OK, timing was not so good on my book (How to Create the Next Facebook). It came out after the disastrous Facebook IPO!
But since then, the stock price has staged a great comeback — and yet again, Mark Zuckerberg has showed that he has the right stuff.
So what’s my book about? We’ll, it shows all the critical steps in how Facebook became a world-class company:
Creating a mission: If you want to create a lasting company, you need this. As should be no surprise, Facebook’s mission has been clear from the beginning – and it has been a guidepost for whenever there was a new challenge, product or investment.
Getting the legal stuff right: Zuck was not so good on this front. From the start, he made a variety of blunders. After all, he had major issues with investors as well as the protection of intellectual property. Zuck, unfortunately, had to learn the hard way and it did prove costly.
Building a great product: Without this, you might as well shutdown your business. In today’s hypercompetitive environment, it is extremely tough to standout. So you need to have a product that solves real problems.
Raising capital and pitching investors: Startups want to focus on growth, not revenues in the early stages. It’s a smart strategy and proved very effective for Facebook. But to make this work, you need to also have a smart financing strategy. In my book, I show how you can put together investor pitches, find the right angels/VCs and maximize your company’s value. I also have a complete section of how to negotiate a term sheet.
Assembling a high-powered team: Along the way, Zuck had a great sense of finding the right people at the right time. Part of this was actually to buy companies, through something called acqui-hires. But he also knew when he had to make the painful decisions of letting certain people go.
Finding the best go-to-market strategy: So often, entrepreneurs fail to come up with a way to get a product to the masses. It’s a huge mistake. It’s imperative that you figure out distribution, early.
Financials: You need to know them. Investors expect this. In my book, I go through how to read the income statement, balance sheet and cash flow statement.
Being a CEO: In the early days, Zuck was far from a great leader. It was something that did not come naturally. But hey, this is normal. Even standout leaders like Steve Jobs had to learn.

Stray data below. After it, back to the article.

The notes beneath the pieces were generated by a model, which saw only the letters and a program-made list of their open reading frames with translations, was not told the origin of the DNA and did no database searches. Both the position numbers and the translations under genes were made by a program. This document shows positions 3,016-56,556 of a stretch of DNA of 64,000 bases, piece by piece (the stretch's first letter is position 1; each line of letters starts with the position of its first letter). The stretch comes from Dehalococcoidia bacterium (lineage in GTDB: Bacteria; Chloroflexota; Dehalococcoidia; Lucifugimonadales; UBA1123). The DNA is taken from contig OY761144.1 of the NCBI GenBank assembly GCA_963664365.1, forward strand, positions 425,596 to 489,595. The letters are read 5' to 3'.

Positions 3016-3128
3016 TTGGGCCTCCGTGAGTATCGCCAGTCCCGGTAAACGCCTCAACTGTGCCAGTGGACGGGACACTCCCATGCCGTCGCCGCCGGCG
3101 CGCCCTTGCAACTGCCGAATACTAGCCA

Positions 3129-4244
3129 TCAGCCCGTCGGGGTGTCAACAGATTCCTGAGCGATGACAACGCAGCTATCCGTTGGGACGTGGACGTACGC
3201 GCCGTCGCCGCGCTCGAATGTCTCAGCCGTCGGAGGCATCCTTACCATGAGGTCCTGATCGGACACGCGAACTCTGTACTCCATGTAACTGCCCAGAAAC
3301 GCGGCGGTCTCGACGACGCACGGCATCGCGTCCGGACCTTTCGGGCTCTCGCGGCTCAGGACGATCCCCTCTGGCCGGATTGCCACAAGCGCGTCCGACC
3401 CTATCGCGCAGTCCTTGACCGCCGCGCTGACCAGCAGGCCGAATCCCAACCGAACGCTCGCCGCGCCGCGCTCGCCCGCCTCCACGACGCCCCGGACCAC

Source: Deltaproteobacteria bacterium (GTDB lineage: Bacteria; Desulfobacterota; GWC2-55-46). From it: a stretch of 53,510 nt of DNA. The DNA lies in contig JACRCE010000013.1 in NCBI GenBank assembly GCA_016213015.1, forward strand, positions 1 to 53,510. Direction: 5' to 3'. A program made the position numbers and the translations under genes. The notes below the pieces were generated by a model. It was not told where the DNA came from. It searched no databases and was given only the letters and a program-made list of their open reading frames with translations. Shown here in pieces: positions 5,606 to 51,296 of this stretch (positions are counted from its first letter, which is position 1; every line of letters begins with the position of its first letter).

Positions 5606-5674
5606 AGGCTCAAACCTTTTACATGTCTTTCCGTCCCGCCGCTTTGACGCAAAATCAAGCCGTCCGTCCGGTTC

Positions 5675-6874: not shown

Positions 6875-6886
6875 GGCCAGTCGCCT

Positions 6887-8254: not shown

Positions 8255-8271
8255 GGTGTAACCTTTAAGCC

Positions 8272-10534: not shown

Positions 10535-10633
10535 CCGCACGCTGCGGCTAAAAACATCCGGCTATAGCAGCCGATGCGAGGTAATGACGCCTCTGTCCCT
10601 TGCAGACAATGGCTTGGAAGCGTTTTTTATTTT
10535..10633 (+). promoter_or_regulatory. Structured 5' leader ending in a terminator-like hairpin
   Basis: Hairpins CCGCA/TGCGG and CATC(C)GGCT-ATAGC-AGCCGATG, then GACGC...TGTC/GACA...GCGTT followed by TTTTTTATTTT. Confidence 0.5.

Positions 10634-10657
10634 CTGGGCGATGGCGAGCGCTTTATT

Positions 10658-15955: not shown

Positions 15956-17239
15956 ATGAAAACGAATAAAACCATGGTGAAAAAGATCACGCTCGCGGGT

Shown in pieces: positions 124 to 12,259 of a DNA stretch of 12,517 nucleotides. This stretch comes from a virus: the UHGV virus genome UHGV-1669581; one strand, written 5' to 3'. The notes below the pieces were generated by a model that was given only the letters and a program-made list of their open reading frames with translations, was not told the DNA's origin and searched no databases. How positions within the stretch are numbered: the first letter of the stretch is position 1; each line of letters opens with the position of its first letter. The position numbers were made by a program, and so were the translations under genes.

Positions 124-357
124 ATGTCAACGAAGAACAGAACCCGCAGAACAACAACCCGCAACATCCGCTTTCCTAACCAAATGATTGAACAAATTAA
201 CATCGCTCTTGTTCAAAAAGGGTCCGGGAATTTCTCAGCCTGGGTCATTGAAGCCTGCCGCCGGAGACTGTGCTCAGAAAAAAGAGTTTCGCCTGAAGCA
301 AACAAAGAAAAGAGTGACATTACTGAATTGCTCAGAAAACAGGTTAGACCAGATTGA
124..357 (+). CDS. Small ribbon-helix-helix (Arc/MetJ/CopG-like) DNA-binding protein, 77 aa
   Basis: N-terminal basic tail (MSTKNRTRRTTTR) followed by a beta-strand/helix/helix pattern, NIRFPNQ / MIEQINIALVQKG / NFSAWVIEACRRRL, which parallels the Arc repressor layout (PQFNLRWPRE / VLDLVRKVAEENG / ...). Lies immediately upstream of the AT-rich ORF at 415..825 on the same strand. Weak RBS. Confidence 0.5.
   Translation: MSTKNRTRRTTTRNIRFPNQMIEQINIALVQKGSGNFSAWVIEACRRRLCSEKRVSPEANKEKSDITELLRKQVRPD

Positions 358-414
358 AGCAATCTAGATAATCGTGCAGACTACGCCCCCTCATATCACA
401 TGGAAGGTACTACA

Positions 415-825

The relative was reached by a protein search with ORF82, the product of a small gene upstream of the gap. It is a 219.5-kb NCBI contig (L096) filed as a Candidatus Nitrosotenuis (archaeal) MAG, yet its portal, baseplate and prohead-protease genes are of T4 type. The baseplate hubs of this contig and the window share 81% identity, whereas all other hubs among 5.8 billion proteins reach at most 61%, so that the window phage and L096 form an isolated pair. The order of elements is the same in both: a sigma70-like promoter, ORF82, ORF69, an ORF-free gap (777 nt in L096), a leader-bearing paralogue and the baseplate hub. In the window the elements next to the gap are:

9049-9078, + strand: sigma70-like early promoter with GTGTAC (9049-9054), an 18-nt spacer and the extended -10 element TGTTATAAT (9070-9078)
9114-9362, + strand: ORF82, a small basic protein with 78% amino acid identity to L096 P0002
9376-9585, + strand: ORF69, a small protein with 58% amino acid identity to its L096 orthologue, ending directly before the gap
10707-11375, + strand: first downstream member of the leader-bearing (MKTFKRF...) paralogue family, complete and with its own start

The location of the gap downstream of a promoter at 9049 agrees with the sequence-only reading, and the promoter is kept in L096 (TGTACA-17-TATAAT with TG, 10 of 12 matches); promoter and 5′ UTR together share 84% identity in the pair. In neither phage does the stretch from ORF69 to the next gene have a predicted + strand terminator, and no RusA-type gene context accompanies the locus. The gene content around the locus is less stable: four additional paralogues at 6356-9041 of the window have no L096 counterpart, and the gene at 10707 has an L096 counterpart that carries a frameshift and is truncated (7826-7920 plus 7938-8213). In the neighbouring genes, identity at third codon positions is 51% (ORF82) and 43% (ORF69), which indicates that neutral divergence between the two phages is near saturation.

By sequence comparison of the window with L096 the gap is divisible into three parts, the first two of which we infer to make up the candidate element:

Transactions: Zuck has bought lots of companies and of course, has taken Facebook public. In this section of the book, I talk about the strategies of M&A and IPOs. While these transactions are critically important, there are many land mines.
Personal Finance: Yea, once you have your grand slam home run, you need to figure out how to manage your money, right? In this part of the book, I cover some of the important aspects of wealth management.
The Complete M&A Handbook: The Ultimate Guide to Buying, Selling, Merging, or Valuing a Business for Maximum Return
I’ve been on both sides of M&A – the buy side and sell side. I’ve certainly learned some hard lessons and yes, they are a part of this book.
As the name implies, I cover quite a bit of ground. Pulling off an M&A transaction is generally complex. But it’s also easy to screw up a transaction.
With my book, you will get advice on just some of these important topics:
Valuation: It’s often more of an art than a science. It is also very dependent on timing (imagine selling your dot-com in 1998 vs 2001).
I go through the major ways to value a company, which include looking at comparable transactions, discounted cash flow calculations and liquidation values.
Preliminary Negotiations: M&A is about projecting confidence. So, do you look weak if you seek out a buyer? Or what if you make an unsolicited offer to purchase a company? Well, in this book, we’ll take a look at strategies to help give you the upper hand on a transaction.
Due Diligence: its grinding stuff and tedious. But you need to make sure you do not buy a disaster. In my book, I take a look at the typical checklists but also rules-of-thumb to uncover any problems.
Deal Structures: M&A can be creative. After all, you can have a deal with no cash! That is, you can use company stock as currency.
In this chapter, I take a look at the various deal structures – and when to use them. There is also a look at the tax considerations, which can prove extremely important for a successful deal.
Integration: After you buy a company, then what? Usually, this is when the real heavy-lifting is required. You need to make sure you get the full benefits of the transaction, which requires a smooth transition with employees, vendors and customers.
Regulations: Small companies somehow think that these do not apply to them. Well, this is a big mistake. Even a small deal can run into such things as antitrust issue. So in this this chapter, I look at some of the factors to be aware of.
Alternatives to M&A: It can be easy for a buyer to get deal fever. But it may mean making a bad deal. Sometimes it’s better to do a partnership or joint venture.